The coronavirus crisis has also seen ingenuity, as people embrace digital platforms to combat the widespread physical restrictions. “Perry Barr Crematorium did have a system where they could relay the service outside,” tells Father Ellis – explaining a shift in how the funeral is conducted which allows more people to gather outside of the chapel area.

Some funerals are also being livestreamed for the benefit of those who can’t be attend in person, and Father Ellis has taken on the challenge: “[livestreaming] has always happened, but now there are more people are involved. What you’re trying to do in the service, which I’ve never done before is start at the beginning of the service is saying ‘if you’re following remotely, you are most welcome, we are thinking of you’. It’s just something to say, ‘we know you’re there.’”

But for all those who are grieving during the coronavirus crisis, it has been a whirlwind experience; as if losing a loved one wasn’t difficult already, not being able to have a conventional funeral has been a great shock to many mourners.

Steve Lafferty, who lives on Lambeth Road in Kingstanding, lost his brother, Charles, on the 4th April after a seven year battle to cancer. Under normal circumstances, there would have been a ‘receiving in’ ceremony the evening before the funeral, wherein the coffin of the deceased remains in church, St Margaret Mary’s, overnight.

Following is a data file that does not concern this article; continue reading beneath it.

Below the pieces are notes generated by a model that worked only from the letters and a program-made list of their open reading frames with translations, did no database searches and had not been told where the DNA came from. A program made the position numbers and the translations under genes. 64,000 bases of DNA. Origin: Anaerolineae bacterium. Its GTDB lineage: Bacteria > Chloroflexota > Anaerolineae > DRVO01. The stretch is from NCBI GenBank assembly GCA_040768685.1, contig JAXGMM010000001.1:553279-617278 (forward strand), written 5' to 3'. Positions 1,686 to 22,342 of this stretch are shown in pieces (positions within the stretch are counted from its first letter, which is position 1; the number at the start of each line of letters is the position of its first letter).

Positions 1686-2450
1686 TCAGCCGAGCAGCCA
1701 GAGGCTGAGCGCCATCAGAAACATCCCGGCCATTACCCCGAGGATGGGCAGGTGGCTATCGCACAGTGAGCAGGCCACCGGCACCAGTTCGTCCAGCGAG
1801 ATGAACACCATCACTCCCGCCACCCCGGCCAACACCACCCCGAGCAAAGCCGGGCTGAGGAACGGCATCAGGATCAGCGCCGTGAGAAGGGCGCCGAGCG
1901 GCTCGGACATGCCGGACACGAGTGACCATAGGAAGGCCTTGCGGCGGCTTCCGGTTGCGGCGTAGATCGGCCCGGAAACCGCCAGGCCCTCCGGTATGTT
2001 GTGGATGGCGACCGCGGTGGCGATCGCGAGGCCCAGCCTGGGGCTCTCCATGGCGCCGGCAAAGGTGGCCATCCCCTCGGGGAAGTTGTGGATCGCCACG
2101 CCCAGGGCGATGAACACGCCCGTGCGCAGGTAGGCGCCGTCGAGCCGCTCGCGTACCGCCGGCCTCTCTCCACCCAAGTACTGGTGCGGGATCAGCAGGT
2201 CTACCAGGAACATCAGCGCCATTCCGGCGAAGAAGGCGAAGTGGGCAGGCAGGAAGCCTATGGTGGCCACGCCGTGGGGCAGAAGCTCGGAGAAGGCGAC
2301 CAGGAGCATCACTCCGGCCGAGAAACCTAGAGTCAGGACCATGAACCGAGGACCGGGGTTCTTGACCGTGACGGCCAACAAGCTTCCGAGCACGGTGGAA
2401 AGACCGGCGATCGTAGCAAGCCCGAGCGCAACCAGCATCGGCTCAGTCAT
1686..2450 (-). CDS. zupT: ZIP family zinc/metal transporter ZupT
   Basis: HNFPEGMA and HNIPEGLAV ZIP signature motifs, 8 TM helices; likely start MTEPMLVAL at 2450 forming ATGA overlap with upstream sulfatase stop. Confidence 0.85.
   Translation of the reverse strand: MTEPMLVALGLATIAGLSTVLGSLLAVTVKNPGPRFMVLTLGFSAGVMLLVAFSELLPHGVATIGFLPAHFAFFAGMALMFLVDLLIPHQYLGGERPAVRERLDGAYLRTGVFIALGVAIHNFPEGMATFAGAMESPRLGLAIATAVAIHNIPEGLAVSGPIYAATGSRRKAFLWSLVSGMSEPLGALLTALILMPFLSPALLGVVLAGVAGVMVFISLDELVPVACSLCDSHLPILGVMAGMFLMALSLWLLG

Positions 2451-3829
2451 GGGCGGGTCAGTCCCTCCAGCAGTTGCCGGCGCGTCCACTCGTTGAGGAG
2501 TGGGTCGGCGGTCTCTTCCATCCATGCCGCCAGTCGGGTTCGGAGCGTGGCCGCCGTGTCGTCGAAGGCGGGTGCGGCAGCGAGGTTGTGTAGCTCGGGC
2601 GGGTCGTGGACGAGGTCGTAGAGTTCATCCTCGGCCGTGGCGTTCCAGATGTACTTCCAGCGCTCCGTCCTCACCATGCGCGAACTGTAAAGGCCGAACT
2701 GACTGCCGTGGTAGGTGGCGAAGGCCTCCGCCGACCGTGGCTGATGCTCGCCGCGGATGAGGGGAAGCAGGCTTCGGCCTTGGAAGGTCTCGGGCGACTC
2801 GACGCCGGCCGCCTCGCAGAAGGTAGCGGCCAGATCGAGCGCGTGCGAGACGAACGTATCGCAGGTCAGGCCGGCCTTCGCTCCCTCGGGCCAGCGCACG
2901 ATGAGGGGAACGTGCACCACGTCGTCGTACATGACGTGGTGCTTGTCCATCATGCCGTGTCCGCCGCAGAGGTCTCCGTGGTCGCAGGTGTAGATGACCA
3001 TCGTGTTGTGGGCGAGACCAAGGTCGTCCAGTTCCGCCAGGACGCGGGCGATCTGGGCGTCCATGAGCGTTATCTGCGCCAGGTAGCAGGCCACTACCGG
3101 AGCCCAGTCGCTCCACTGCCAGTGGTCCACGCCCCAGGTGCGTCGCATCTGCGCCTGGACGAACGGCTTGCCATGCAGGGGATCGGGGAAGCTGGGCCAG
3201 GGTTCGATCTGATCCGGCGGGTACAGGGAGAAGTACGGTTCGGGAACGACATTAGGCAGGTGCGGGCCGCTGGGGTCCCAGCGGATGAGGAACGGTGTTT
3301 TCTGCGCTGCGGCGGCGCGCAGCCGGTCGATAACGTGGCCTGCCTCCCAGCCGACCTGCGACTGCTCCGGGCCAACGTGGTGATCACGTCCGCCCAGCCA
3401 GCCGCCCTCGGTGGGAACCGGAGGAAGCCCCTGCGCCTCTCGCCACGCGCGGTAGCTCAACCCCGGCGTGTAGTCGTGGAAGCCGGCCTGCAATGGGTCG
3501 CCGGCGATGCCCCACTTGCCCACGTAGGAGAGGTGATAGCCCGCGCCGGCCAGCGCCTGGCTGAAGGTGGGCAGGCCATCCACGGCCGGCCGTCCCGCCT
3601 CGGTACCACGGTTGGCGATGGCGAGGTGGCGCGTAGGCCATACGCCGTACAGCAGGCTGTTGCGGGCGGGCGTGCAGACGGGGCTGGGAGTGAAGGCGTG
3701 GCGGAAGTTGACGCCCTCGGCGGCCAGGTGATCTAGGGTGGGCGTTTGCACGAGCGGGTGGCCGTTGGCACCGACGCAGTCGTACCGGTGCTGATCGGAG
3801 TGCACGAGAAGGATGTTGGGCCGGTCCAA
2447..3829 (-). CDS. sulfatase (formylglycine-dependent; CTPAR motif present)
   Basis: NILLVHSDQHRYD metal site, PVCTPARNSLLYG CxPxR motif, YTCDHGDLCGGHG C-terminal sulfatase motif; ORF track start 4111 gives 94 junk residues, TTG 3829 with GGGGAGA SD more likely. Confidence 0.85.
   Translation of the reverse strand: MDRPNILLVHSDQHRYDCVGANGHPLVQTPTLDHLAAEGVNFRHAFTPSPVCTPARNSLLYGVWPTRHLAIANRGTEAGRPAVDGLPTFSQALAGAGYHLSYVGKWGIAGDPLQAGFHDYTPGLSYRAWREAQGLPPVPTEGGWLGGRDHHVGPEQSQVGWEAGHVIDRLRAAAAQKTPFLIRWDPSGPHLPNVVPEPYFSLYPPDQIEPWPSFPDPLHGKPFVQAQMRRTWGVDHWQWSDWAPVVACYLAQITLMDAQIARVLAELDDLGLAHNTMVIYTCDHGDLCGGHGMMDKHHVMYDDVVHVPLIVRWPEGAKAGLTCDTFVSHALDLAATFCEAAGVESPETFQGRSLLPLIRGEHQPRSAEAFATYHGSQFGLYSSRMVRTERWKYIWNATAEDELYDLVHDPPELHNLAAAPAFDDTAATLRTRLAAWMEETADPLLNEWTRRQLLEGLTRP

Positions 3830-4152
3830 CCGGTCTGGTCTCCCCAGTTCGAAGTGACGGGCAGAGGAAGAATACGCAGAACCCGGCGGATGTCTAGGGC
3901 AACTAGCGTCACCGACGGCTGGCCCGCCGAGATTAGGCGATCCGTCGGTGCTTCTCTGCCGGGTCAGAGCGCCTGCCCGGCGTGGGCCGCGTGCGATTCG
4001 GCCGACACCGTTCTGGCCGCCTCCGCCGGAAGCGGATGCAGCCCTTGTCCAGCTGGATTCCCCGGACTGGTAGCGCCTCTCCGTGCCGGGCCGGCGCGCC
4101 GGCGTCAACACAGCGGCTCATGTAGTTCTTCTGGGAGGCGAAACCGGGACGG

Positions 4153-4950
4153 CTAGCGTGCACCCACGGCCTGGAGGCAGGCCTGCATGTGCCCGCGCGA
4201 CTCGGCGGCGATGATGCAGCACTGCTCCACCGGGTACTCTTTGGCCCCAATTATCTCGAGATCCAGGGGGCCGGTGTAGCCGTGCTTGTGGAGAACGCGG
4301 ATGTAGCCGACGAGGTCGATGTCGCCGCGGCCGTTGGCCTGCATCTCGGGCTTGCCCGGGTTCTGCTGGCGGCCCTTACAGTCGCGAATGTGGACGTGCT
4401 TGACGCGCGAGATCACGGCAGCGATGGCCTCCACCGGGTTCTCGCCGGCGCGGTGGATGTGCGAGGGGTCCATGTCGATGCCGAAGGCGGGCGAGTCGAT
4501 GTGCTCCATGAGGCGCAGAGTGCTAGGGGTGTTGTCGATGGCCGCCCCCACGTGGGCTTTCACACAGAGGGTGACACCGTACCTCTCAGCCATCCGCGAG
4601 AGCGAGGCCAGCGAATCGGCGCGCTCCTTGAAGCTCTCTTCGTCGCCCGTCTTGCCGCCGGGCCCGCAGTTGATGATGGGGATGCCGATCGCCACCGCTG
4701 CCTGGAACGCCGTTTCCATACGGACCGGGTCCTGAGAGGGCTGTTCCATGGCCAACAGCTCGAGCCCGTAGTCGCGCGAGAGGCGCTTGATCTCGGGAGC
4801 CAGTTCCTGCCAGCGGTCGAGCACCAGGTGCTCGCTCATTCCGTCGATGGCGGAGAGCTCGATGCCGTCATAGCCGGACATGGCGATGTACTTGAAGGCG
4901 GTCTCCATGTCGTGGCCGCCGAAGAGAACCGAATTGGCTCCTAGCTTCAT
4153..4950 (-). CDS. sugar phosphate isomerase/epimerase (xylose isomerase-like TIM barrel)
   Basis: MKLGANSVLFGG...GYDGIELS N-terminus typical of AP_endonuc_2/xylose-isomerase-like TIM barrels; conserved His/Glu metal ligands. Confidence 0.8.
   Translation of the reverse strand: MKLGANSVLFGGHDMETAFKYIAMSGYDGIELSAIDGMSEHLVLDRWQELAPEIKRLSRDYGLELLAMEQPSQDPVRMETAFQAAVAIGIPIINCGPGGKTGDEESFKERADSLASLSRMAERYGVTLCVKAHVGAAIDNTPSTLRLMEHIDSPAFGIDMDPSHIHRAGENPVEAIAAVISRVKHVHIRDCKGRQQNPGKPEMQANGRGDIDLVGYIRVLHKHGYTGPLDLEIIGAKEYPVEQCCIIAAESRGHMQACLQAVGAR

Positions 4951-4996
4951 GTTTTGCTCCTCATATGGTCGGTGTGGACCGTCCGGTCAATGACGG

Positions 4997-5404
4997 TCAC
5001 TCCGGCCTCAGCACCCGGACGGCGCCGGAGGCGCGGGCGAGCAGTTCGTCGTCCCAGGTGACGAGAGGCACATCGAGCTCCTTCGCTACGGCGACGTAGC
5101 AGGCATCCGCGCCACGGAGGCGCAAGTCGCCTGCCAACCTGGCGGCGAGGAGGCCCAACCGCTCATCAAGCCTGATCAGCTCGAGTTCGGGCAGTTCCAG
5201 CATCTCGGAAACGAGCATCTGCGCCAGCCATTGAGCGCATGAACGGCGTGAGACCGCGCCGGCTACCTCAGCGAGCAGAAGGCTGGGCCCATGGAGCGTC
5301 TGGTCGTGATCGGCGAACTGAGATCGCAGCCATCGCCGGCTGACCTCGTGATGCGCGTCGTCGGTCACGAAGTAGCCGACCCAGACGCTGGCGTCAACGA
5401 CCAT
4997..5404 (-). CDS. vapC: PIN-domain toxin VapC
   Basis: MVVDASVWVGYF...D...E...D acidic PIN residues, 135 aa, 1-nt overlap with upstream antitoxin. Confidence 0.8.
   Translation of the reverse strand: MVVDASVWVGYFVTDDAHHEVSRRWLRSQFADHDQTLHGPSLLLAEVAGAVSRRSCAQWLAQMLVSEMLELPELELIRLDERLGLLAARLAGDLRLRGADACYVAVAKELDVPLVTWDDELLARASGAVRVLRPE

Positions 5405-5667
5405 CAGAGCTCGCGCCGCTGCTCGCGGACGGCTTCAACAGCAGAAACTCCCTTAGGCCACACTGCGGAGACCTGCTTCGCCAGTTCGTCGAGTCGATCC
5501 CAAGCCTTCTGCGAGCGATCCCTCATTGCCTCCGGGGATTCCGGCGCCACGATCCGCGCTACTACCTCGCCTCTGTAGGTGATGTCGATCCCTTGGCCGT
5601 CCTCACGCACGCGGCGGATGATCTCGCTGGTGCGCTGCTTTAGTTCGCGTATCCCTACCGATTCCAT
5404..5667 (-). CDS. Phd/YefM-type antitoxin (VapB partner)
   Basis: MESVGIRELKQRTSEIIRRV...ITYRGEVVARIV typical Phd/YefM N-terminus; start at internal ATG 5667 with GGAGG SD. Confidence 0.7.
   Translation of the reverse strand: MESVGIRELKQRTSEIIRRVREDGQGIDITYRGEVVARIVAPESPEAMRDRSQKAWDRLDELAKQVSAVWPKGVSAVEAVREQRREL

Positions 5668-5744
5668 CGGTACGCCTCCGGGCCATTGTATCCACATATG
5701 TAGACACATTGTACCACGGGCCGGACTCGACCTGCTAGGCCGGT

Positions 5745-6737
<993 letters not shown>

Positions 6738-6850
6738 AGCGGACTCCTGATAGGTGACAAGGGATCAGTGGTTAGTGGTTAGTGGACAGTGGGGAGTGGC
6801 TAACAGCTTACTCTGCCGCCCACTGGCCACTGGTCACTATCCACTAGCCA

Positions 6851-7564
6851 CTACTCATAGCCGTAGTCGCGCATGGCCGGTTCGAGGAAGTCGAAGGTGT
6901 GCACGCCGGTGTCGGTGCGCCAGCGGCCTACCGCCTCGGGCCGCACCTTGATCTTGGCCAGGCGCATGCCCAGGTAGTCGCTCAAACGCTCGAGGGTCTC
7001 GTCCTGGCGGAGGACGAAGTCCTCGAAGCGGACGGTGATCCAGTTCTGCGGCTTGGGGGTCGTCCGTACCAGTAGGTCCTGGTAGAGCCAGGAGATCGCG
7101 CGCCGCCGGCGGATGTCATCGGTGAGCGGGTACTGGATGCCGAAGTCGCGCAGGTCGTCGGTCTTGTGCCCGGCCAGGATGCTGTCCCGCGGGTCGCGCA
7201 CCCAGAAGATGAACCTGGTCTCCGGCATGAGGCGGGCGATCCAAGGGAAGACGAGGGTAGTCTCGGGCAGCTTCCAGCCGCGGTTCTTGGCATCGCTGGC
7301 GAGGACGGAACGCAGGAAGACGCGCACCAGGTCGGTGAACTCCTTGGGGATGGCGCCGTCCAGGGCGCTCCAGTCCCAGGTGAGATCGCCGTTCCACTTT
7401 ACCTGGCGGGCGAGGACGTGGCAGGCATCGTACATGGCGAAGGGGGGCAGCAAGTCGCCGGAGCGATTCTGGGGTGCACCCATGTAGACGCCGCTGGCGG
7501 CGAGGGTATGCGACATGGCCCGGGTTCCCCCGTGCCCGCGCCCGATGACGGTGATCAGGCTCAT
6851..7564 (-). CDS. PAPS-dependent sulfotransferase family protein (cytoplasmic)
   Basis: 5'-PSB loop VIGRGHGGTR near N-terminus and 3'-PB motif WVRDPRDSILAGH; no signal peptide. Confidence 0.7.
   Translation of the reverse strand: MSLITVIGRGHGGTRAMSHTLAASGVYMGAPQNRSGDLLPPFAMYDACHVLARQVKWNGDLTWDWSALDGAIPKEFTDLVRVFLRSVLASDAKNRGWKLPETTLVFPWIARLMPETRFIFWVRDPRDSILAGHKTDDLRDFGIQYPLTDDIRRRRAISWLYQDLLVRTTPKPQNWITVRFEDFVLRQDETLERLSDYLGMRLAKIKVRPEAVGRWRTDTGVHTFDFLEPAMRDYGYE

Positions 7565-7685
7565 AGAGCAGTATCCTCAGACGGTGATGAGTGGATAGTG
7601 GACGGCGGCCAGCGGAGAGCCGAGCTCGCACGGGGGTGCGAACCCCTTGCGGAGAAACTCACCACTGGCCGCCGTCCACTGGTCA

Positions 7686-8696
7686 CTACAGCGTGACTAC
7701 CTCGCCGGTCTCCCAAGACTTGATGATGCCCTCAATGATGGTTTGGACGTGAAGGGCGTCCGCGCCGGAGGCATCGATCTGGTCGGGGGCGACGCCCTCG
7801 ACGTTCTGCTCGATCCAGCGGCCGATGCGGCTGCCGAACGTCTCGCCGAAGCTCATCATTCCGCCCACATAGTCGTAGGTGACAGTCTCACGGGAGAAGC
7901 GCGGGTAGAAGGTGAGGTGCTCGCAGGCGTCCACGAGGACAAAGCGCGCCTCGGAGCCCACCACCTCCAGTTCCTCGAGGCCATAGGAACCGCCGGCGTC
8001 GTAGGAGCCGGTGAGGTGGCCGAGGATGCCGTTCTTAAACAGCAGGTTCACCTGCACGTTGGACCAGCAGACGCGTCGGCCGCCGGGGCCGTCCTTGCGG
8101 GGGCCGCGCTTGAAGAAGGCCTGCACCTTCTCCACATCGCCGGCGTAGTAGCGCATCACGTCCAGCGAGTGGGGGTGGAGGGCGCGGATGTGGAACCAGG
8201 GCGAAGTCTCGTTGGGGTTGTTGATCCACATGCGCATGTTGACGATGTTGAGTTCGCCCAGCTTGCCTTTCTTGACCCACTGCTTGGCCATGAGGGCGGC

We’d have liked him (Charles) to go to church first, to St Margaret Mary’s,” explains Steve, “for the overnight, and then the service… then the funeral mass, in the church, then up to the crematorium for a little service there.

We’d have had the hymns in church… he wanted certain songs, his kids wanted certain songs, so we’d kept them for the crematorium. But because we couldn’t get to church we give them the songs that they wanted, that my brother wanted, to go out there.”

Part of a strong Scottish family, Charles Lafferty had many mourners wishing to pay their final respects. But with the numbers of attendees restricted, the family he left behind found themselves – like many across the country – having to make some difficult logistical decisions.